Constellation Theatre's 'Three Sisters' tells of dreams deferred
By Celia Wren
Thursday, Jan. 28, 2010
First, I'd like to apologize to Olga, Masha and Irina Prozorov for impeding their relocation to Moscow. You see, Constellation Theatre Company's admirable version of the 1901 classic "Three Sisters" (as translated by Lanford Wilson) uses in-the-round staging, an arrangement that suits Anton Chekhov's wistful tale of siblings spinning their wheels in the Russian boondocks. The inertia that foils the Prozorov girls' dream of hitting the urban big time is, in part, the gravitational force of their oddball small-town neighbors. Those neighbors also include the audience in the Source Theatre, where the seating hems in the actors.
The configuration is just one of the effective details in director Allison Arkell Stockman's production, which exhibits a discipline, solidity and visual polish that this ambitious company's offerings haven't always displayed. True, a stagy quality creeps into the cast's delivery and movement now and then: My, these provincials arrange themselves elegantly around their furniture, with due concern for sightlines, you might find yourself thinking. Still, Stockman orchestrates the story's fluctuating moods and chromatic character interactions with enough skill that, until the final act (which drags just a tad), you barely notice the show's three-hour running time.
Instead, the durations you pick up on are the narrative's: the years that lapse between acts, leaving the Prozorov home awash in resignation, lowered expectations and bollixed love. Rendering the chronology achingly perceptible are Stockman's capable performers, who give their characters soul and colorful definition. Of the eponymous heroines, Nanna Ingvarsson is particularly heart-wrenching as the schoolteacher Olga, whose face grows ever more wan and careworn. Amy Quiggins emphasizes how the years scour away at the childishness and crinkly-eyed smiles of Irina, the youngest sister. Catherine Deadman's speeches don't always sound natural, but she does bring an apt air of mystery to Masha, unhappily married to the complacent teacher Kulygin (Ashley Ivey, whose grip on the character's endearing and quirky aspects boosts the story's bittersweet flavor). As for the girls' brother, Andrei, Joe Brack poignantly ages (and grows visibly stouter) in the role.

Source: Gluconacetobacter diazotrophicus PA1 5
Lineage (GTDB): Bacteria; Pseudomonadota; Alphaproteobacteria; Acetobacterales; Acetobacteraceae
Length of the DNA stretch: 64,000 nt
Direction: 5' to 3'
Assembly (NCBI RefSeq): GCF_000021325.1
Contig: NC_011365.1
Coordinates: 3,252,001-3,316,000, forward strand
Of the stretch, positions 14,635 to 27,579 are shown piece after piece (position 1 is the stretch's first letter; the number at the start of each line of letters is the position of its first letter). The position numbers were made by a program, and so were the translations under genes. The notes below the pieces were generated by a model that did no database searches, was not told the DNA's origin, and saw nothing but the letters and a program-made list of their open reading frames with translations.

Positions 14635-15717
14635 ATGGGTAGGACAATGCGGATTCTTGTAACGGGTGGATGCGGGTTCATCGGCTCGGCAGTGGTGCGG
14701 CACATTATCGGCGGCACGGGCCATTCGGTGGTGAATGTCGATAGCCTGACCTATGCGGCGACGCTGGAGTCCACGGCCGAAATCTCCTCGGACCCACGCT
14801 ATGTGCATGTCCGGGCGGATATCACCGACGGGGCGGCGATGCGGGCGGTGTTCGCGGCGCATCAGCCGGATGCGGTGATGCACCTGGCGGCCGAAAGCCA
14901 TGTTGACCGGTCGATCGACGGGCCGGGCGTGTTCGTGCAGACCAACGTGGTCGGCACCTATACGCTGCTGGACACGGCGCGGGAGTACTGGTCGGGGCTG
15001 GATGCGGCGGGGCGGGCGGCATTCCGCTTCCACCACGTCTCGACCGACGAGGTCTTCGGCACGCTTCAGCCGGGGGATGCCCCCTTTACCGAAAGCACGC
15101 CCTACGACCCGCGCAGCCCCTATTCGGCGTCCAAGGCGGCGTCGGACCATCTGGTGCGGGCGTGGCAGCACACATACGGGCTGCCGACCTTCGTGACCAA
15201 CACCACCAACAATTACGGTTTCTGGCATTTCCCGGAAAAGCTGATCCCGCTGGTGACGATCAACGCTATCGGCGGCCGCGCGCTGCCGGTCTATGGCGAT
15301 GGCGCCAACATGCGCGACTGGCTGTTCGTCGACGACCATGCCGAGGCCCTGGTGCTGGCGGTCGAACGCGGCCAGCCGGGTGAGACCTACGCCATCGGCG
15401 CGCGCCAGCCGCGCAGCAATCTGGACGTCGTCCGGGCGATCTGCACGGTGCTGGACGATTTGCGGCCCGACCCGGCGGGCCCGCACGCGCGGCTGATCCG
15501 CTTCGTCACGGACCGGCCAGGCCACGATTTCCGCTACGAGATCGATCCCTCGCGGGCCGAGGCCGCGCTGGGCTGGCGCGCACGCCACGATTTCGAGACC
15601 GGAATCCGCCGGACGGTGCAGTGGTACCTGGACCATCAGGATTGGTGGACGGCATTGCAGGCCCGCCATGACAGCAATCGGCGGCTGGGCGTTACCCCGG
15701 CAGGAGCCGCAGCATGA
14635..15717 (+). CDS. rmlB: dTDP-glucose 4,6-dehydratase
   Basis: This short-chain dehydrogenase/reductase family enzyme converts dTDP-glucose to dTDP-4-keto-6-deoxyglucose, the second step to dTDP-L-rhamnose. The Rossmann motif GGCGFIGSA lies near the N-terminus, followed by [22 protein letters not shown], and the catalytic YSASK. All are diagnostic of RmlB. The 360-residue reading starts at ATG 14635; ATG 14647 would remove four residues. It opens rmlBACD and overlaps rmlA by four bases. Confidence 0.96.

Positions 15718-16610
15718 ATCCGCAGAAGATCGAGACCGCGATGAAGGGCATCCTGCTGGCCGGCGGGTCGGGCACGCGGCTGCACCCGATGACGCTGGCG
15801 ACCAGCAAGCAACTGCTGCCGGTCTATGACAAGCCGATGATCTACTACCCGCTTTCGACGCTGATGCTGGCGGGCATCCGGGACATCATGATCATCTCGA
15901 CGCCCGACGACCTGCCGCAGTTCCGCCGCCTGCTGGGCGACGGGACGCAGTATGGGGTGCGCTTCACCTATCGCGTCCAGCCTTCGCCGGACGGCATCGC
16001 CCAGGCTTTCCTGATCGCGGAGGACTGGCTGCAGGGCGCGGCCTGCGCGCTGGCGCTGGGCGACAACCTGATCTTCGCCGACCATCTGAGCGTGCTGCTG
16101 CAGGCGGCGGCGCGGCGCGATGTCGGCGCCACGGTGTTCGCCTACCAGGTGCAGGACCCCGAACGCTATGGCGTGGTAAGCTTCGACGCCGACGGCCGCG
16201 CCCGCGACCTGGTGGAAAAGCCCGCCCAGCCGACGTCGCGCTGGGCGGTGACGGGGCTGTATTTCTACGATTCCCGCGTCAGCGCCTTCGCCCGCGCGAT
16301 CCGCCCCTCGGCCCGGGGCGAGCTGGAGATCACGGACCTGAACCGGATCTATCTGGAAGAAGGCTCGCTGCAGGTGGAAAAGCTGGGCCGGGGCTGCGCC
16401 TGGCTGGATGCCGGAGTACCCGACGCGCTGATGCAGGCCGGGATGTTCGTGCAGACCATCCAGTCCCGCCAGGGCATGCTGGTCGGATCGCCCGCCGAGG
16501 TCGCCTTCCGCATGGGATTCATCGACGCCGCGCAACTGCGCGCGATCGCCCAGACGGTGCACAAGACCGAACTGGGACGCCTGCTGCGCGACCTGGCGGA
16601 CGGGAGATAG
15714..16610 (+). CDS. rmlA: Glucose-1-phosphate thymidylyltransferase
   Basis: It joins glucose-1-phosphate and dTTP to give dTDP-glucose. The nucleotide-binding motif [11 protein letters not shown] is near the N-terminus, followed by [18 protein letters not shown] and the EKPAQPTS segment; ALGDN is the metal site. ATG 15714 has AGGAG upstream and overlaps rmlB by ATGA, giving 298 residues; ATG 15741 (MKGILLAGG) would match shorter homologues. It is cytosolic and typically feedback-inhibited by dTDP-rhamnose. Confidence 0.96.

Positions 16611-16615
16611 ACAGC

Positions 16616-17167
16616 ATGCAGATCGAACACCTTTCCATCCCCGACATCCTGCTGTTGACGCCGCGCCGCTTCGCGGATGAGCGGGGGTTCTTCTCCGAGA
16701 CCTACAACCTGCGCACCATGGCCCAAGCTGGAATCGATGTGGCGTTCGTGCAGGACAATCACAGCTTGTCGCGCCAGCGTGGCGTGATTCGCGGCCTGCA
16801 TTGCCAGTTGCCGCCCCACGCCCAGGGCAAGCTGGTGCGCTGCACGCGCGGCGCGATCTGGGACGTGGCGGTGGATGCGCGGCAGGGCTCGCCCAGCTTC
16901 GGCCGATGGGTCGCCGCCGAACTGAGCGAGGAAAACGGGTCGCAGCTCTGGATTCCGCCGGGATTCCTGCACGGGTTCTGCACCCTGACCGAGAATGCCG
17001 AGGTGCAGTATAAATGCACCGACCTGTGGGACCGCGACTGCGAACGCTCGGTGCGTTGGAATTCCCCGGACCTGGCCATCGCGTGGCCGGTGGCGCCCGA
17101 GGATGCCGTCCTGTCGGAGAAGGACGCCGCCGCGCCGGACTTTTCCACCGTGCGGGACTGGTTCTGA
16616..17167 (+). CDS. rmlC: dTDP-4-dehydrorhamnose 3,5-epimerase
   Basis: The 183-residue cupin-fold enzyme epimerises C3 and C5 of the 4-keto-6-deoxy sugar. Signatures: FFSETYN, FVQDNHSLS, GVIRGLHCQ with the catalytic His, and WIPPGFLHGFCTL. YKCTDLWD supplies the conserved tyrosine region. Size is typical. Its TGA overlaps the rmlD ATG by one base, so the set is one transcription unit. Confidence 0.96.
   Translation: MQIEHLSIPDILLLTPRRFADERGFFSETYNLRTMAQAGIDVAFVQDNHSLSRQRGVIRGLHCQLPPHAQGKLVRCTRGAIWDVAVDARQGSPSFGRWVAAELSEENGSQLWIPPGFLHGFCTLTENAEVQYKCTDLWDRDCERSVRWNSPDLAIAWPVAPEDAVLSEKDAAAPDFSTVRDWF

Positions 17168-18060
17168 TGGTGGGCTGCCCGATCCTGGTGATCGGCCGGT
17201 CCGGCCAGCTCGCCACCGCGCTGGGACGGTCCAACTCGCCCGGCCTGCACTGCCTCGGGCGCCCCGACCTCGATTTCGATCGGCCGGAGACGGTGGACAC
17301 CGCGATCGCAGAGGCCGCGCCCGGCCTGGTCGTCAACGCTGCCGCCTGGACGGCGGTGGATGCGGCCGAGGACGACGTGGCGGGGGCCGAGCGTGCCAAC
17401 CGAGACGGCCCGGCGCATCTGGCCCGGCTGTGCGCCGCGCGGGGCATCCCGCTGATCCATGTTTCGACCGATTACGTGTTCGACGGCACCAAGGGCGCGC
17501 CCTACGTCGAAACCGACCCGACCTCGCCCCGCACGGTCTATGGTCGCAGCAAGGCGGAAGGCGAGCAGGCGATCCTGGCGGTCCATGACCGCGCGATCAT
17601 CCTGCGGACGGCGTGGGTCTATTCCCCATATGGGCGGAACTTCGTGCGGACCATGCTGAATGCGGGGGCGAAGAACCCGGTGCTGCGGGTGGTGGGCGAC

Several of the actors do a particularly deft job navigating the ebb and flow of comedy and melancholy. Shambling around as the self-destructive doctor Chebutykin, the excellent Brian Hemmingsen conveys roguishness punctured by despair. Rubbing his hands neurotically with cologne, Mark Krawczyk's Solyony, an army captain, is simultaneously abrasive, unhinged and vulnerable. Michael John Casey hints at the sadness beneath the odd mystical musings of Lt. Col. Vershinin, and Billy Finn nails his portrait of Baron Tuzenbach, a lieutenant who is as likely to philosophize as he is to turn peevish over the emptiness of a candy container.
Stockman (Constellation's artistic director) waltzes her performers smoothly around designer A.J. Guban's handsome set, whose smartly positioned pieces of furniture allow for emotionally resonant character groupings and -- with the help of Ivania Stack's classy period costumes -- painterly tableaus. In one particularly affecting second-act sequence, an evening of fretting, puttering and desultory conversation at the Prozorovs' pauses for a musical interlude: Near the dining table, the army officers strike up a tune on guitar, mandolin and cello. Someone dances. Existence is suddenly luminous. And then Andrei's insensitive wife, Natasha (Katy Carkuff), sweeps through, peeved at the noise. The party breaks up. Disappointment silts back through the home.
So goes life in Chekhov's world -- and, Stockman's intelligent production reminds us, in our own. Some day, the Prozorovs might get to Moscow, but by then, the traffic will be terrible and the prices highway robbery.
By Anton Chekhov, translated by Lanford Wilson. Directed by Allison Arkell Stockman; composer, Jesse Terrill; lighting design, A.J. Guban; sound design, David Crandall; properties design, Samina Vieth; technical direction, Brendon Vierra. With Annie Houston, Lewis Freeman, Carl Brandt Long and Scott Zeigler. Three hours.